“One of the keys to my success, is I “explore” every day. I check Twitter, read the newsletters I subscribe to, go to my favorite websites. There’s so much information out there which can inspire or inform something I’m working on. As busy as I may be, I make sure to do this every day.”
9. Replenish your resources
Gretchen Rubin, author of New York Times bestseller, The Happiness Project
“My habit: Getting enough sleep. Research makes it clear that sleep has an enormous influence on our mood, health, energy, athletic performance — lack of sleep may even contribute to weight gain! The top two reasons for people to be in bad moods at work? Tight work deadlines and lack of sleep. As a writer, my mental acuity and energy are critically important. I see a huge difference in my analytical capacity, my creativity, and my productivity based on how wide-awake I feel. It’s hard to turn out the light before I finish that chapter or answer one last email, but now I’m zealous about getting enough sleep.”
10. Plan for success
David Zinczenko, Editor in Chief, Men’s Health
“I get in before the rest of my staff almost every day. It’s the only time that I can concentrate on writing, editing, and other close work. Once the team is here, it’s all about meeting and managing. I’m a nutrition guy, so I stock my office with healthy snacks and drinks like almonds, trail mix, dried fruit and coconut water. It keeps my energy up, and I don’t need to waste time running out to look for something to eat. And, I go to the gym almost every day at lunchtime, and read through emails on a stationary bike. It makes the second half of my day much more energetic, and I take less time—and get more done—during a workout than during most business lunches.”
11. Trust your intuition
Maria Andros, The Video Marketing Queen, creator of The Social Media Traffic Blueprint and The Video Conversion Formula.
“I think that the biggest key to my success has always been strengthening my intuition on a daily basis. I download ideas and get inspiration for the content of all my programs much like an artist does. Often it’s very easy to let our analytical minds take over and keep us stuck. I feel that the more we are in tune with our inner guidance, the more we can make the right decisions to move our businesses forward. For example before I partner with anyone, or create a new product, I listen, for if it’s a hell YES or not. If not, I do not proceed, as that will only have a impact down the road. I have learned the hard way in the past. I practice listening to my inner voice and my gut and it’s almost always accurate. I highly recommend building this muscle as it can make a great difference in your results. I think that some of the most successful people in business are very in tune with their intuition and this helps them to stay on track and moving forward.”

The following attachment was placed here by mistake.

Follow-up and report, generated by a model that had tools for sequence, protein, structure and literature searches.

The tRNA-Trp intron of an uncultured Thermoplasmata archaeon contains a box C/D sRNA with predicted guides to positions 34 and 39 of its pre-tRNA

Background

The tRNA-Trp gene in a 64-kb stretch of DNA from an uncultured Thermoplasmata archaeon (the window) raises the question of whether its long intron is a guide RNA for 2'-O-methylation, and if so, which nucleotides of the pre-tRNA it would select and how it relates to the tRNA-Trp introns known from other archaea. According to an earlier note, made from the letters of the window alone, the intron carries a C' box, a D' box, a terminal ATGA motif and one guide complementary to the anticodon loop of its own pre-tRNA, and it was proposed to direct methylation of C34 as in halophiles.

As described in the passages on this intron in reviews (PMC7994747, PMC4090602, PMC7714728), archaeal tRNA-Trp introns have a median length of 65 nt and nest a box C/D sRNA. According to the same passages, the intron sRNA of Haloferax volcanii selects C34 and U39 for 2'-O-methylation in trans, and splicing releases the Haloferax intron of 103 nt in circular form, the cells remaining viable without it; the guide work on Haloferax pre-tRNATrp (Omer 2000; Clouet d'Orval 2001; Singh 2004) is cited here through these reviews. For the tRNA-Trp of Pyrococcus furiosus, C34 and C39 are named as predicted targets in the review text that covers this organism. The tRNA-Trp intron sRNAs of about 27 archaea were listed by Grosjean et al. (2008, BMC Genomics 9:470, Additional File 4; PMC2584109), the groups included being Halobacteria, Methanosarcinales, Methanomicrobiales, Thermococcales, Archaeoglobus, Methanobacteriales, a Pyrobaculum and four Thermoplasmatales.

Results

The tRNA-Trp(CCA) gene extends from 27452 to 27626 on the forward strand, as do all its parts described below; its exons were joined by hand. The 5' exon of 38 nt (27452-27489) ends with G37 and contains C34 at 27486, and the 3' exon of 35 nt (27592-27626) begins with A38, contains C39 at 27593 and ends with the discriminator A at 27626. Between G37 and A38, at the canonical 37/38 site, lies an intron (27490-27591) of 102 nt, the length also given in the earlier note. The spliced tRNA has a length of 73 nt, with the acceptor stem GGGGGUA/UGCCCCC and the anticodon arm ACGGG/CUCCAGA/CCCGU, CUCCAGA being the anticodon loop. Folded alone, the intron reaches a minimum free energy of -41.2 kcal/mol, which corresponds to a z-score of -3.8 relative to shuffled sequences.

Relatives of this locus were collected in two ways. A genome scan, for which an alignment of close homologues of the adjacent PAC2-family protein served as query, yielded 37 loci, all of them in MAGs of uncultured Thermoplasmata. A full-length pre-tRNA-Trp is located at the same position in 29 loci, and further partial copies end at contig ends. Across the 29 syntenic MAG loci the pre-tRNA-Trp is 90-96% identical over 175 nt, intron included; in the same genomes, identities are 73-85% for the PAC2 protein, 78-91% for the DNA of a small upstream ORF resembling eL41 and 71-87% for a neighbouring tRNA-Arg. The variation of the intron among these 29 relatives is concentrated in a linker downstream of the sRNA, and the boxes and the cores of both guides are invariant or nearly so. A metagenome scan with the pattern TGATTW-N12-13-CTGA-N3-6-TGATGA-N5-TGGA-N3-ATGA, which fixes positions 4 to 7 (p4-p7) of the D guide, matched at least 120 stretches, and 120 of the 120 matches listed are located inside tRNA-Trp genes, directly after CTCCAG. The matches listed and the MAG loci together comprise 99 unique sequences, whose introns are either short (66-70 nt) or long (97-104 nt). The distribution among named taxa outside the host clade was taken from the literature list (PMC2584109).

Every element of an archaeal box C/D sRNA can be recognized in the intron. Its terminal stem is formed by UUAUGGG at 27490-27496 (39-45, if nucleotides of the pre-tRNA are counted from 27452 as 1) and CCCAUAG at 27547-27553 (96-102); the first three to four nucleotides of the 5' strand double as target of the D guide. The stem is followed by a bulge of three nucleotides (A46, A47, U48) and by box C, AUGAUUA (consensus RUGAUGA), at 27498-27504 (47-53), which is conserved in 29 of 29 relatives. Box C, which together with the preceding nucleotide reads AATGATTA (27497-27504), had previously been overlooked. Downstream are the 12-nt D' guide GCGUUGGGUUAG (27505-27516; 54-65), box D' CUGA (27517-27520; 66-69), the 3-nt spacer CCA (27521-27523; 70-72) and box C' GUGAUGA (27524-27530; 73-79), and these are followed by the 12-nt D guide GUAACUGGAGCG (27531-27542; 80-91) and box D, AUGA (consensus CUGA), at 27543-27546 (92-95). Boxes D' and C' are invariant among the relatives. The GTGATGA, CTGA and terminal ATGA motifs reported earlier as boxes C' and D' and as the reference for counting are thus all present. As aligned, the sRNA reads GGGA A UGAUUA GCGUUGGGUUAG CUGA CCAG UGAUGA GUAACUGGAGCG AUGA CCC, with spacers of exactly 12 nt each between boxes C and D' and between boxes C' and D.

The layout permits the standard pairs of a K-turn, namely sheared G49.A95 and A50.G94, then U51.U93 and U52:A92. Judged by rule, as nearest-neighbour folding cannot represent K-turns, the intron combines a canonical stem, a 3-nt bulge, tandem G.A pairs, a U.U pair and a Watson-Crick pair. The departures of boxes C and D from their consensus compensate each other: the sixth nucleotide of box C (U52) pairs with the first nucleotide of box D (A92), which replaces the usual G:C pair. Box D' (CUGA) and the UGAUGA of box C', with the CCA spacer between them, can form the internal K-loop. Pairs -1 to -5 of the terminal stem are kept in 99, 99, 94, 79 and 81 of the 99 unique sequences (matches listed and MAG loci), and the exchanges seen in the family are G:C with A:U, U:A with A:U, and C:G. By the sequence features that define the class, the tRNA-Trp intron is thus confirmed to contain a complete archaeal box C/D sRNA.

12. Banish the naysayers
“I get out of my own way. ”
13. Find your creative zone
Wally Lamb, #1 New York Times bestselling author of She’s Come Undone, and I know this Much is True
“Since I began writing fiction 30 years ago, I have always found the shower to be a place where my creativity is unleashed. I hit the ‘rain room’ each morning before I hit the button on the computer. The earlier the better–5:00 a.m., if possible.”
14. Create space to think
Peggy Rajski, Academy Award Winning Director Of Trevor and co-founder of The Trevor Project
The daily habit that contributes to my success is morning meditation. I’ve done it for over 20 years. I usually sit for 20 minutes or more, but honestly, even 5 minutes does the trick. I feel more resilient, ready to take on the challenges of the day, and less likely to experience ‘I think I’m going to kill you if you don’t do what I want’ versus ‘I think this is kind of funny that I can’t get what I want.’ But more often than not, I do get what I want–or understand that what I’m getting is what I need regardless of what I think I want.
15. Cindy Ratzlaff, Author, Speaker, Consultant
It’s only fair that I share mine as well. I set a success goal every morning, for that day. I write it on a white board in my office and when I find myself being pulled off track, I ask myself “will this action serve today’s goal?” If not, I set it aside until I’ve accomplished the daily goal.
Are there habits or routines you can incorporate in your own life to achieve a higher level of business success? Please share and let’s see if we can enrich one another’s daily practices toward higher levels of achievement.